The Concussions

Tom Kirby, our buddy from Tonto & The Renegades, hooked us up with John Robinson, who in the '60's belonged to a local Mighigan band named The Concussions. During the course of our interview, Robinson described the type of music that the Concussions played as "pure garage band music," and a review of the group's playlist amply supports this. Here is the group's story...

An Interview With John Robinson (60s): How did you first get interested in music?

John Robinson (JR): When I was seven years old, a neighbor gave us some 45's that included Blueberry Hill by Fats Domino. That was the first rock and roll record that I ever heard. My older sister's friends also made me aware of Ricky Nelson, as they were the bobbysoxer type. I started listening to the radio regularly somewhere around 1958; my very first favorite song was 26 Miles by the Four Preps.

60s: Was the Concussions your first band?

JR: The Concussions was my first and only band. After a couple of years, when most bands were starting to give themselves really stupid names, we did, too. We re-named ourselves Turkey Foote, which still makes me wince. The peace symbol resembled the footprint of a fowl, so that was our lame excuse. We were together for four years.

60s: What year was it that the band rename themselves Turkey Foote?

JR: I think it was late '68. I'm not sure. I hated that name. "The Concussions" sounds like a typical '60's small town garage band. "Turkey Foote" is just plain mentally deficient.

60s: Where was band formed, what year, and by whom?

JR: We formed in Stockbridge, Michigan in 1966. We began as a three piece band: myself, Mike Lehman and Frank Stephens.

60s: Were there p[ersonnel changes at any time? What were the various line-ups?

JR: John Robinson, bass guitar; Mike Lehman, drum; Frank Stephens, lead guitar; Dennis Jarrell, rhythm guitar (1966-1967); Mike Yancey, rhythm guitar (1967-1968); and Terry Krummery, keyboards (1966-1967).

60s: Where did the Concussions typically practice?

JR: In Frank's living room. Sometimes we practiced at other member's homes, but mostly at Frank's. Occasionally, we got permission to practice in the high school gym.

60s: What type of gigs did you typically line-up?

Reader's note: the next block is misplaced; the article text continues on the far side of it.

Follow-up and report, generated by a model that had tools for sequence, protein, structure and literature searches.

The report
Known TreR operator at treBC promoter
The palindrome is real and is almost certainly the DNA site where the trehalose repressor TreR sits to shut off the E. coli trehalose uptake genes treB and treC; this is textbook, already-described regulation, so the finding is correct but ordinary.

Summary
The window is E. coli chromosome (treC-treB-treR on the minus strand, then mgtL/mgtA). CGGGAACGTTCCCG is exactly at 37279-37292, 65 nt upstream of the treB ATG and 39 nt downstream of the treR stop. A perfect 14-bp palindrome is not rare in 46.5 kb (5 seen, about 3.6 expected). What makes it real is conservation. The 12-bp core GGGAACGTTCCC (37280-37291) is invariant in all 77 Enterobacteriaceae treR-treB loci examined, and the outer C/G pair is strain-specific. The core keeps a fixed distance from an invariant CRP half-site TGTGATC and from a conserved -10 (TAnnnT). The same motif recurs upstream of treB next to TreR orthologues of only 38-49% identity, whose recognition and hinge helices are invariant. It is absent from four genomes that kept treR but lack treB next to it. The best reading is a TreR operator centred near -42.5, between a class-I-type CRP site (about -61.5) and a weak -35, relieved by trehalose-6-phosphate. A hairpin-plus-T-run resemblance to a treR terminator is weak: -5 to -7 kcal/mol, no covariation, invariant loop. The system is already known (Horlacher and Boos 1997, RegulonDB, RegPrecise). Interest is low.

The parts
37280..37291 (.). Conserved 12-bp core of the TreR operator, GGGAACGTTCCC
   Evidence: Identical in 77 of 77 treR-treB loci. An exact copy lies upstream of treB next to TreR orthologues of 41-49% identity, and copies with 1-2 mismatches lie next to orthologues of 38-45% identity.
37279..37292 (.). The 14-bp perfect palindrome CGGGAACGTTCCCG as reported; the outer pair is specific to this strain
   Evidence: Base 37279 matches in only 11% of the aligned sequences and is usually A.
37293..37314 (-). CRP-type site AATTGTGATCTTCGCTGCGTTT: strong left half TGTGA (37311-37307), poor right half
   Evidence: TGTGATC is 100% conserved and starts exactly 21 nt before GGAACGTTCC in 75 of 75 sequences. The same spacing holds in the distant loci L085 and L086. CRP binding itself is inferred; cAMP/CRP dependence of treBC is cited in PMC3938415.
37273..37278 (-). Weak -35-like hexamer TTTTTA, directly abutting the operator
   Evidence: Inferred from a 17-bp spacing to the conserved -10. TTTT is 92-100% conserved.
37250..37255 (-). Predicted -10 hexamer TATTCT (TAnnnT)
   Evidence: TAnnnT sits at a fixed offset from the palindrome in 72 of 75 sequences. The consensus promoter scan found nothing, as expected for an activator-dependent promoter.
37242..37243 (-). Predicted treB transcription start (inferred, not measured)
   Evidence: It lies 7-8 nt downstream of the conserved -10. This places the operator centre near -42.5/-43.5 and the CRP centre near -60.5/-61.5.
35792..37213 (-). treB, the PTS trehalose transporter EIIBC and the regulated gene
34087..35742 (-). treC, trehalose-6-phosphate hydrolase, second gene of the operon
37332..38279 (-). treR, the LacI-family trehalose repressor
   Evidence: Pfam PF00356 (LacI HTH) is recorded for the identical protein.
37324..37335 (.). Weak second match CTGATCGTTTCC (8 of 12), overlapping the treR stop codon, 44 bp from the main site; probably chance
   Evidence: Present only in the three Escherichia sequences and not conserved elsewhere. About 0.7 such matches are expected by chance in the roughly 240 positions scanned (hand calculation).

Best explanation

JR: We played at a few local clubs like The Jackson Armory and Granny's A Go-Go. We turned the Stockbridge Town Hall into a weekend music club called The Factory, which didn't allow anyone over 19 years old in the door. We performed at a lot of after game dances at high schools and some parties. Our first gig was a party in a barn.

60s: Did you have a manager at all during this time?

JR: Frank's dad, Jim, was our manager, and a good one. May he rest in peace...

60s: How popular did you become? What type of following did you have?

JR: In our own home town, we were well-known, but no real "fans" or anything. We were just local boys in a rock and roll group. We got many gigs at the clubs in Jackson and a lot of the high schools hired us, so I guess we did all right.

60s: How would you describe the band's sound? What bands influenced you?

JR: Pure garage band music. We started out playing songs like Gloria, Open Up Your Door, Little Girl, (I'm Not Your) Steppin' Stone and Dirty Water. Then we started playing Hendrix, Cream, Yardbirds, James Brown, Mothers of Invention and Wilson Pickett.

60s: I find it interesting that you played Open Up Your Door, since radio was primarily regionalized in the '60s. Where did you learn the song? From the radio?

JR: A couple of us had the original Richard & The Young Lions single - I still have mine, with the picture sleeve! - and we learned it from that. I loved playing that bass line! I heard that song on CKLW and WIBM all the time back then. It was a huge, monster hit around here!

60s: Did the Concussions write much original material?

JR: We didn't really write many songs at all. We had a couple of originals that I remember, but I don't think we ever performed them anywhere. One was an instrumental, Watusi Pizza, that I named after something I saw in an Archie's Mad House comic book. Another one I wrote was called Ketchup In The Halls or something stupid like that. I think we did an instrumental whenever we were ready to take a break but, for the life of me, I can't remember if it was original or not.

60s: There are surving recordings, correct? What can you tell me about them?

JR: Going strictly from memory, there's Substitute, The Weight, I Can See For Miles, Kick Out The Jams, If I Needed Someone, N.S.U., Paint It Black, and others I can't remember offhand. These were mostly recorded in Frank's living room using an old reel-to-reel recorder. A few were recorded in the high school gym. These range from 1967-1968.